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Some x264 information

Deblocking Guide

(from DeathTheSheep's AVC VfW Guide)

Inherent in the AVC format is an exceptionally useful feature which reduces blocking and other encoding artifacts that have so plagued many of the predecessors of AVC. It is extremely useful in AVC encoding, and due to the fact that AVC is built around this filter and you may experience excessive amounts of blocking and video artifacts (bad stuff), this deblocker should generally not be disabled for normal use. However, due to the fact that it takes up immense amounts of decoding time, you may consider disabling it to achieve the fastest possible decoding speed (Xbox, handheld, etc) if the decoder doesn't support disabling it on the fly.

Bear in mind that the very principle of in-loop filtering (deblocking) is rather controversial due to the fact that the human visual system (HVS) often misinterprets the flaws and blocks in spatially complex scenes as the scene's actual detail. Because x264 removes this artifacting by default, the HVS perceives this to be a "loss of detail" even though technically x264's detail is just as accurate-even more so, in most cases, at similar bitrates. Indeed, the general consensus as of yet (heavily supported by Doom9's codec comparison and the quality metrics) is that x264 does tend to keep more detail more accurately than ASP (non-deblocked) codecs at similar bitrates. However, the deblocker's removal of artifacts is occasionally confused by the HVS as a removal of legitimate detail by people accustomed to encoding without a deblocking filter. However, for people who consider noise in their video encodings to contribute to a "warmer" and more pleasing picture, the deblocker's removal of this noise is often unfavorable to them. This preference is subjective from person to person, so take the effort to find out what settings best suit your eyes/needs.

The alpha deblocking threshold "strength" (P) helps to determine how strong of a deblocking effect is needed to eliminate blocks. The beta deblocking "threshold" (See 'Q' in above illustration) determines how much of the material actually needs to be deblocked. The higher this is set, x264 will perceive more of the video as blocks (often too much of the video, if set too high), so the more the deblocker will act upon. Naturally, if you don't wash (deblock) enough of the material, there will still be some stains (blocks) left, away from the washed area. Think of it like washing a shirt. If you don't wash (deblock) hard or strong enough, the stains (blocks) simply won't fade/disappear. However, if you wash too much material or scrub too hard, you'll ruin the shirt, because instead of stains, there will be the ugly lack of color where all the texture and detail rubbed out.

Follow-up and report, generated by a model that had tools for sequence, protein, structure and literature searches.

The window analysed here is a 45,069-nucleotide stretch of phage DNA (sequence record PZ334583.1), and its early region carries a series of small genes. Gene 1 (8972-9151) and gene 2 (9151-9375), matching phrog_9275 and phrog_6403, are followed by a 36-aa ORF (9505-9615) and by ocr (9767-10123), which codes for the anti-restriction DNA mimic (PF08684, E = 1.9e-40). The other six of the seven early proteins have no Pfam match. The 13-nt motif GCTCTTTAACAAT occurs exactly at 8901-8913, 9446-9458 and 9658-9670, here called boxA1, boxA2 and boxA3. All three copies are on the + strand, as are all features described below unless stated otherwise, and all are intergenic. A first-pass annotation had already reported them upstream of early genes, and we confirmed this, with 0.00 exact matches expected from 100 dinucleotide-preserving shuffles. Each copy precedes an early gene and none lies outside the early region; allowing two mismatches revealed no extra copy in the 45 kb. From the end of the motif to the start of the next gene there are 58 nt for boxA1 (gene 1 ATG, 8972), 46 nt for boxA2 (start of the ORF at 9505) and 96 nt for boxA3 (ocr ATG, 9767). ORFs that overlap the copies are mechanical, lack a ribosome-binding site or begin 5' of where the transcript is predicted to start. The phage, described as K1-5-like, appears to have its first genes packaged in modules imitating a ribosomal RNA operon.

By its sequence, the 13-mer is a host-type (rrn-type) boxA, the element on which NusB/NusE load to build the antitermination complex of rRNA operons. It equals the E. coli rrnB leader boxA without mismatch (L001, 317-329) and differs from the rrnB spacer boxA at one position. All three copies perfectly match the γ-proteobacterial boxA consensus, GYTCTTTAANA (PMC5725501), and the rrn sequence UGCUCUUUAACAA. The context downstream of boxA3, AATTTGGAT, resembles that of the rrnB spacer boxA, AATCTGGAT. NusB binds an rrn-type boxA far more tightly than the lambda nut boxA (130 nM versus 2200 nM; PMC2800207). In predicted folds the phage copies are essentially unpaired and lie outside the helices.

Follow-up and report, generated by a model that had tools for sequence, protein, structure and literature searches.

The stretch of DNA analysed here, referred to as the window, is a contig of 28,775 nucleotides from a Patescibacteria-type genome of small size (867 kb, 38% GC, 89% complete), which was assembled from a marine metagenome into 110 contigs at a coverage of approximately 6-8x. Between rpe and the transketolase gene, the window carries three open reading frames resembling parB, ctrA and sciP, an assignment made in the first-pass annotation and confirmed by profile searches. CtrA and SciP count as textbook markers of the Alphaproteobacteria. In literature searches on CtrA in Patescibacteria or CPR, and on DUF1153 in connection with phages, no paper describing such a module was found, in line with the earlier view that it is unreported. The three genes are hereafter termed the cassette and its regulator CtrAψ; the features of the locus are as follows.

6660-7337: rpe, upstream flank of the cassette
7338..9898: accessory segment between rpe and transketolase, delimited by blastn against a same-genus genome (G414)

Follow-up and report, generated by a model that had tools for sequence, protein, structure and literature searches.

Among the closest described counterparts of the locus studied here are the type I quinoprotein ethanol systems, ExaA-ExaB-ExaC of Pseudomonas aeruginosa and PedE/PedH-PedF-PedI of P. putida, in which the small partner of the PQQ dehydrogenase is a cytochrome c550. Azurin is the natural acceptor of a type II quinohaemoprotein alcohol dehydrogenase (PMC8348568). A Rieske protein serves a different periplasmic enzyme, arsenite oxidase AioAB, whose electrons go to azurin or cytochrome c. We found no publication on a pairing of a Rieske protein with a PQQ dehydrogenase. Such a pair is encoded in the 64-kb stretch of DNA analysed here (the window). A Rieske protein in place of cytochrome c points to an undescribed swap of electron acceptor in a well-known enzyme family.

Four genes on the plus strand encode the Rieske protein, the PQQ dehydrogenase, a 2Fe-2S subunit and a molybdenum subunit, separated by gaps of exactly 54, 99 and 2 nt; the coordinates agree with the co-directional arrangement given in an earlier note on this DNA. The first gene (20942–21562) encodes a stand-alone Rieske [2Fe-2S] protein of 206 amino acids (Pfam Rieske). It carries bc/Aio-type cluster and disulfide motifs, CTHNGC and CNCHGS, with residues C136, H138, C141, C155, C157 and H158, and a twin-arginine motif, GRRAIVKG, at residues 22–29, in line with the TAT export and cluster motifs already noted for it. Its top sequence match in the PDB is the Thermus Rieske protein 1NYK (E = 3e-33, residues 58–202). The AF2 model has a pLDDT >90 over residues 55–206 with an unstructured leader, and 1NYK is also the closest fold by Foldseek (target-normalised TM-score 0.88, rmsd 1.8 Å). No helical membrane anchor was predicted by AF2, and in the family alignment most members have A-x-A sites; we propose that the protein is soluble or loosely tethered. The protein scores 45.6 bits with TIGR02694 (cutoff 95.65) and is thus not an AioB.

Both bars are initially set to 0 for a reason: this is the standard deblocking that will lead to the highest metric quality balance of block removal and detail retention. If, however, you find the default 0,0 result unsatisfying, look to these tips:

How To Use Mpeg4 AVC Deblocking Effectively (Small FAQ)

(from Doom9 forum (author *.mp4 guy))

In X264 there are two deblocking parameters, called Deblocking strength and Deblocking threshold. The strength parameter refers to Alpha Deblocking, while the Threshold Parameter refers to Beta Deblocking (Alpha and Beta Deblocking are the official names). When a deblock setting is written as X:X (for instance 0:0 or 2:-2) the first number is alpha deblocking, while the second is beta deblocking.

Alpha deblocking effects the overal amount of deblocking to be applied to the picture, higher values deblock more effectively, but also destroy more detail and cause the entire image to be softened. The default value of 0 is almost always sufficient to get rid of most blocking (especialy when using a cqm), but leaves the picture noticibly blurier. In general use this value should be no lower then -3 and no higher then 3. When using a cqm the authors recomended settings should be used as the default value, and shouldn't be altered by more then +/-2. Alpha Deblocking is the most important parameter in determining the overal sharpness of your encode.

Beta Deblocking is a bit more tricky to use, Beta Deblocking determines whether something in a block is a detail or not when deblocking is aplied to it. Lower values of Beta Deblocking apply less deblocking to more flat blocks with details present (but more deblocking to blocks without details), while Higher values cause more deblocking to be applied to less flat blocks with details present. Generally Beta Deblocking shouldn't be altered unless you are haveing problems with the default setting. Raising Beta deblocking is a good way to help get rid of ringing artifacts by aplying more aggressive filtering to blocks that aren't very flat. Lowering beta Deblocking is a good way to reduce the amount of DCT blocks without bluring the entire picture. A high value of beta deblocking will cause nonflat blocks to be deblocked more aggressively, while a low value will cause the opposite.

If you wan't to give your encodes a more detailed look and don't mind the occasional block try a setting of -2:-1. If you like a clean picture and don't mind a little bluriness try 1:2. A nice trick for anime is to use lower beta deblocking setting because it won't blur out lines as much that way.

The 720p x264 TV Releasing Standards 2008

(from: I don't remeber... sorry)

tvx2642k8.nfo

Some information on AVC's levels

(from Doom9 forum (author Latexxx))

Latexxx (27th June 2005, 20:46)

Here is some information on AVC's levels. These are common for all profiles. DVB currently requires level 4 capable decoders for digital tv applications.